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Maidan, A Year Of Living Dangerously

Last December, amidst dramatic protests in Kiev, few imagined that the Maidan protests would lead to land grabs and open warfare. The symbols and substance of Ukraine's iconic square.

KIEV"Whenever it's not clear what's going on, gather at Maidan..."

That was a joke that started circulating last year, after protesters first began meeting up in Kiev's Maidan Square in the wake of the Ukrainian government's refusal to sign an important agreement with the European Union. A year later, willingness among Ukrainians to gather at the square to protect their interests through protests hasn't disappeared.

The Kiev International Sociology Institute reacted quickly when last year's Maidan protests began, surveying the protesters about their attitudes and motivation. The institute found that 70% of them were protesting the actions of the Ukrainian special police, who had forced the earliest protesters from the square on the night of Nov. 29.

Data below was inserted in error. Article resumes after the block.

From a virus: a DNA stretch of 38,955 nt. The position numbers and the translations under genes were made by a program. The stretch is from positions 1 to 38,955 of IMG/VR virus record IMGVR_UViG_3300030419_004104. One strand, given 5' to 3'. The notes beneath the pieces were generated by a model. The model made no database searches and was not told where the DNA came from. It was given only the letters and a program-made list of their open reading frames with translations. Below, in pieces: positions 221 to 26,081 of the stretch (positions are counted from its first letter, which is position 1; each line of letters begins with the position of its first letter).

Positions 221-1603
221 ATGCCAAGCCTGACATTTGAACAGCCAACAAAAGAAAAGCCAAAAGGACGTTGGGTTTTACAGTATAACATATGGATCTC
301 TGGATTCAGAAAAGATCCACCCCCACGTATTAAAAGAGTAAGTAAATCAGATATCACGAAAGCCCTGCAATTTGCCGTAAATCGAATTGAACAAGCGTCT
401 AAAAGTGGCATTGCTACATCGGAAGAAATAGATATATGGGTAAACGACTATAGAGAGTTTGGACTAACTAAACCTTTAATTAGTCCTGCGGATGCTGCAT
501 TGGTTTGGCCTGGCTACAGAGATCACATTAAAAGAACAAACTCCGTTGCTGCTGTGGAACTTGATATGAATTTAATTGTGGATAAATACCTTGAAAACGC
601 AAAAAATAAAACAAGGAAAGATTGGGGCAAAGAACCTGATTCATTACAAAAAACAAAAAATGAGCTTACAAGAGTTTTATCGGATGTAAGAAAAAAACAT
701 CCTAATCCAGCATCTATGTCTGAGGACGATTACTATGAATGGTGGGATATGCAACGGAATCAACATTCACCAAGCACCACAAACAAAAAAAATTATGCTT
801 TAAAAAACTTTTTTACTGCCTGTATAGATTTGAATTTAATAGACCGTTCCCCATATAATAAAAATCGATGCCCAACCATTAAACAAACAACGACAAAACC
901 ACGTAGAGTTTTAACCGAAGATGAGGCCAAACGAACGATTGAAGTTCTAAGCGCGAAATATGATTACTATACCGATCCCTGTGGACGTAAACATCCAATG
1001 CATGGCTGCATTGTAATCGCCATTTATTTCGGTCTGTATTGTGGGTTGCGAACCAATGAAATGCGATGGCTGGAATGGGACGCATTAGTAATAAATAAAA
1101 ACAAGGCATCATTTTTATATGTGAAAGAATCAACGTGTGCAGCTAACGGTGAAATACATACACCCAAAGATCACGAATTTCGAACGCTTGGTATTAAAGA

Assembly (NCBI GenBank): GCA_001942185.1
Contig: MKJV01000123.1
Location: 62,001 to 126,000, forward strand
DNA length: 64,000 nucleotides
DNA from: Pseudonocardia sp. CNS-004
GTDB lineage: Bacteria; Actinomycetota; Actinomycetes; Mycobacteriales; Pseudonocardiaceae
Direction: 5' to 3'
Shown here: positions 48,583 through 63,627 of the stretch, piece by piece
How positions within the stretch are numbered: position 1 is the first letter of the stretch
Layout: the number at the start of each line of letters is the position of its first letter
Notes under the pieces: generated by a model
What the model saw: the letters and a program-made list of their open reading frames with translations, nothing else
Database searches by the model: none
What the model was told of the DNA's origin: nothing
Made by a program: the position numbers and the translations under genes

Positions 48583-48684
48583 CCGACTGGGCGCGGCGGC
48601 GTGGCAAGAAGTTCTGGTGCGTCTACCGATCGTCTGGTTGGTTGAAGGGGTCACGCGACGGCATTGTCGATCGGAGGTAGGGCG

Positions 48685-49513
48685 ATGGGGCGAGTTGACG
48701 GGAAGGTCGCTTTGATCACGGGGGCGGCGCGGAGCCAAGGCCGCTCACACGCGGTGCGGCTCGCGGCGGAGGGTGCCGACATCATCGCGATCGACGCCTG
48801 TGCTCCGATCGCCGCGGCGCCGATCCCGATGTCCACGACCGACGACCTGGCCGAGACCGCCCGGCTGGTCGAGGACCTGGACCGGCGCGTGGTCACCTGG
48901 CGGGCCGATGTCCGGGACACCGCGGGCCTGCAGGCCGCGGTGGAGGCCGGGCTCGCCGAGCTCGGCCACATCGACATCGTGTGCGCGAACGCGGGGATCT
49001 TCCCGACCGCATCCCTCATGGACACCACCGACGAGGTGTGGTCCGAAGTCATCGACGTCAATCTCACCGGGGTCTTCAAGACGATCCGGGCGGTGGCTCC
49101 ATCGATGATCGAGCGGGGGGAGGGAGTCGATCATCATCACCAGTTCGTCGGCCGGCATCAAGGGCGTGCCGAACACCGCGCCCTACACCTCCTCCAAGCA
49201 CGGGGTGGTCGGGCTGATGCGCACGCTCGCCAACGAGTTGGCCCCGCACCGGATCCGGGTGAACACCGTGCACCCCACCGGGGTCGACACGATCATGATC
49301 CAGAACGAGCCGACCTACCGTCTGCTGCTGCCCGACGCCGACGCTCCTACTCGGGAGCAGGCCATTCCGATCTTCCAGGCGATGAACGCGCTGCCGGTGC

The operation, meant to clear the square, only encouraged more demonstrations, and on Dec. 1, 2013, the largest protest since the 2004 Orange Revolution gathered in Maidan Square to express discontent with the government.

In the survey, the second most common reason given by respondents for protesting — cited by 53.5% of them — was then-President Viktor Yanukovych's refusal to sign the EU association agreement. In addition, 50% of respondents expressed a desire to improve life in Ukraine, while 39% said they would like to change the government and only 5% said they wanted to put the opposition (now in control of Ukraine's government) into power.